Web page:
In the wake of the recent Court of Appeal decision in Adili Chibuike Ejike v Public Prosecutor  SGCA 38 in relation to how the concept of “wilful blindness” should apply to persons accused of drug trafficking, a question was posed in Parliament on 8 July 2019 as to whether the government should make any amendments to the present legislation. In brief, Mr Adili Chibuike Ejike was acquitted of drug trafficking after the Court of Appeal found that he had not known that there were drugs in his suitcase.
TODAY approached two senior lawyers for their views, and both opined that the said decision, in and of itself, was not sufficient or good reason to do so.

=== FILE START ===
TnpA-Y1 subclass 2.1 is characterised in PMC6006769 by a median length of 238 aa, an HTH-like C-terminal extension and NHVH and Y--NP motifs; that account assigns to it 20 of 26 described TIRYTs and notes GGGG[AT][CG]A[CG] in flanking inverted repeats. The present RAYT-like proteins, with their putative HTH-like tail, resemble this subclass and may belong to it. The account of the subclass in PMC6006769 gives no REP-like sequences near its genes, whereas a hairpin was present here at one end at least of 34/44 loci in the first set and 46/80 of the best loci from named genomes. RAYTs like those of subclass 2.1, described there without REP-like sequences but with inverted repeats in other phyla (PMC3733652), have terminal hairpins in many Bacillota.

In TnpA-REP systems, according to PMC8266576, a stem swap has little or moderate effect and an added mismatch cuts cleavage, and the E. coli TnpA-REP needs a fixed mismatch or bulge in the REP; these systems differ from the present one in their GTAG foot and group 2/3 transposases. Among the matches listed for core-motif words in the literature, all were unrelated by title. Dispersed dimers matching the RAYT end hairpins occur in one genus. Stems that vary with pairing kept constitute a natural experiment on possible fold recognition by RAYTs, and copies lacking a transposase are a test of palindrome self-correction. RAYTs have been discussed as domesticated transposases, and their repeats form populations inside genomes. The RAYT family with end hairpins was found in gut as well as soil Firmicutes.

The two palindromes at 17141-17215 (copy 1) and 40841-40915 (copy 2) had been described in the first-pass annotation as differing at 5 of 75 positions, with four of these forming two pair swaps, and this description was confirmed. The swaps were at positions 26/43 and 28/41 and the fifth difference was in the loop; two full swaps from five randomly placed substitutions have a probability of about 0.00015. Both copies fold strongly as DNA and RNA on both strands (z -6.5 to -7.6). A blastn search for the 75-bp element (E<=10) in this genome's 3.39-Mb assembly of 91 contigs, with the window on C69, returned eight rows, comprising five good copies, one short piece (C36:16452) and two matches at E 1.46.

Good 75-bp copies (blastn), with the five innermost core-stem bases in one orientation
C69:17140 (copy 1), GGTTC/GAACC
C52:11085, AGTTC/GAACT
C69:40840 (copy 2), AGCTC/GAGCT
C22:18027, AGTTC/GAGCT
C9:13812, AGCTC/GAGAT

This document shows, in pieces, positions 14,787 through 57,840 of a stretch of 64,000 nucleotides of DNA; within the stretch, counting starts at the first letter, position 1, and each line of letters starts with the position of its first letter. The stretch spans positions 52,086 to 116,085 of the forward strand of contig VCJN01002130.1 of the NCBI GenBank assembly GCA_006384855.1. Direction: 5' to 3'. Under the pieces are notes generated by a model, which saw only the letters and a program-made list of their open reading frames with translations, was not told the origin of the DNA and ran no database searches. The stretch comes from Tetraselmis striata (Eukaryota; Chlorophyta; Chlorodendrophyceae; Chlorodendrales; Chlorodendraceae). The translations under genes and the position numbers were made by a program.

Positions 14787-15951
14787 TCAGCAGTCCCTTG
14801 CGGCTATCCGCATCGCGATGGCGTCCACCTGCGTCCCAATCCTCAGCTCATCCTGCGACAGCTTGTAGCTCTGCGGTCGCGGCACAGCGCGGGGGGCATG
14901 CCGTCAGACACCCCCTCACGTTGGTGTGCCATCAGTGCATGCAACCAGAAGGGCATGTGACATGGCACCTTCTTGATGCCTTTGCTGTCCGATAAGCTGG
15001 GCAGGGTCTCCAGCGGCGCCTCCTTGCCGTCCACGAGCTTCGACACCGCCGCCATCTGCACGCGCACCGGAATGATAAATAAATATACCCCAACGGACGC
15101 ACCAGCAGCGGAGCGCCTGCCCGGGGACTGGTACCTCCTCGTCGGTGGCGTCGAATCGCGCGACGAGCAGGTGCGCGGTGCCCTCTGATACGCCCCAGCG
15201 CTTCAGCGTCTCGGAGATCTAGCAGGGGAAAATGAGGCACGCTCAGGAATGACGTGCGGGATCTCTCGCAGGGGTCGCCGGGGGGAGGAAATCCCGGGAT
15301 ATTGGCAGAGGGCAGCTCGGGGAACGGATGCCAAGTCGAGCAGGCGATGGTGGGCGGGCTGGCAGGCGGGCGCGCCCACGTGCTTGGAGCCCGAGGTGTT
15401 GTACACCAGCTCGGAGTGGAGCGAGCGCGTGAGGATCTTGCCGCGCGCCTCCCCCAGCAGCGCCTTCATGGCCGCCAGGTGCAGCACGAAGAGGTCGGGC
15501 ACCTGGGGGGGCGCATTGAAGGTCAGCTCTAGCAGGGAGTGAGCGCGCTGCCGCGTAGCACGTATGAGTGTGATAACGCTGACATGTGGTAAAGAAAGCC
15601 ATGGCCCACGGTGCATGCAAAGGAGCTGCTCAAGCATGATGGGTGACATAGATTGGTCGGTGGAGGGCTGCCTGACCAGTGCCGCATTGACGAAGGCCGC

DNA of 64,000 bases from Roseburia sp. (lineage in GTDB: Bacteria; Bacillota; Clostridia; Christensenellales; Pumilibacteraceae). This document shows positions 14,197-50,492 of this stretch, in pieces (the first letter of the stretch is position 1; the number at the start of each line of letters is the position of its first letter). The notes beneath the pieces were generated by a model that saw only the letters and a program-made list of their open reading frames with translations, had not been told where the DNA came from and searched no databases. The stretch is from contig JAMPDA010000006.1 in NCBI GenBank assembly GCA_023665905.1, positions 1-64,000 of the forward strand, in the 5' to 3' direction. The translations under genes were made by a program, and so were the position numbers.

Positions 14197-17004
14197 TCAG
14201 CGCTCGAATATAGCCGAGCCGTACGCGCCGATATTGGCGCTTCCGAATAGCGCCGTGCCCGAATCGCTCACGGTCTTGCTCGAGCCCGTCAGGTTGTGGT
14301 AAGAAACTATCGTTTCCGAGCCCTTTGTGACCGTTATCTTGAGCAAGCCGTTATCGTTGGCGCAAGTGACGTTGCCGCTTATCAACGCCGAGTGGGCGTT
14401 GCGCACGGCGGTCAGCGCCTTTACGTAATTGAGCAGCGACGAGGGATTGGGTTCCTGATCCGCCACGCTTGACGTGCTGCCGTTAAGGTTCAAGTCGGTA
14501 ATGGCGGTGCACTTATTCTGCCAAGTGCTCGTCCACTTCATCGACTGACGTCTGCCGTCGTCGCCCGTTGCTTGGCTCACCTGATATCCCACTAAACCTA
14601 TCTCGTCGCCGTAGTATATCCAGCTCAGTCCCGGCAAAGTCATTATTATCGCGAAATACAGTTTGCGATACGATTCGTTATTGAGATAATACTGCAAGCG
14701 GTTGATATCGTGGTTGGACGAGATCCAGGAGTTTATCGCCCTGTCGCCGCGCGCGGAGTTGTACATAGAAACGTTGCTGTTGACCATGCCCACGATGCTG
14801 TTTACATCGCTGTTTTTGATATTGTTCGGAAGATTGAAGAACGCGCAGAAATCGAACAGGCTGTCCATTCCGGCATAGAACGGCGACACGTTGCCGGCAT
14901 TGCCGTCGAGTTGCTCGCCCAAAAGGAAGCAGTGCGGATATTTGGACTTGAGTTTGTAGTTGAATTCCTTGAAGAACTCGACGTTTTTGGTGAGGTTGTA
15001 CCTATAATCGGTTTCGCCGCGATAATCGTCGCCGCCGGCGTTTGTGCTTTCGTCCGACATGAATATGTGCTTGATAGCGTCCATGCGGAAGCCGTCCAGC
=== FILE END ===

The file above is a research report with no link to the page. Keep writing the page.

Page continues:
“Presumptions are not evidence … so I don’t think we need to load more presumptions into the (Act) when we are faced with capital punishment. You don’t want to hang somebody when you are not sure that a person actually should have known that there are drugs (in his possession).”
“[Adili’s case] stands for a very simple proposition. If on the one hand, the prosecution makes an important concession in that they accepted that the person did not know there were drugs in the bag … they cannot then go on to rely on the presumption (that he did). That would be logically inconsistent. So the issue really is the concession made by the Prosecution.”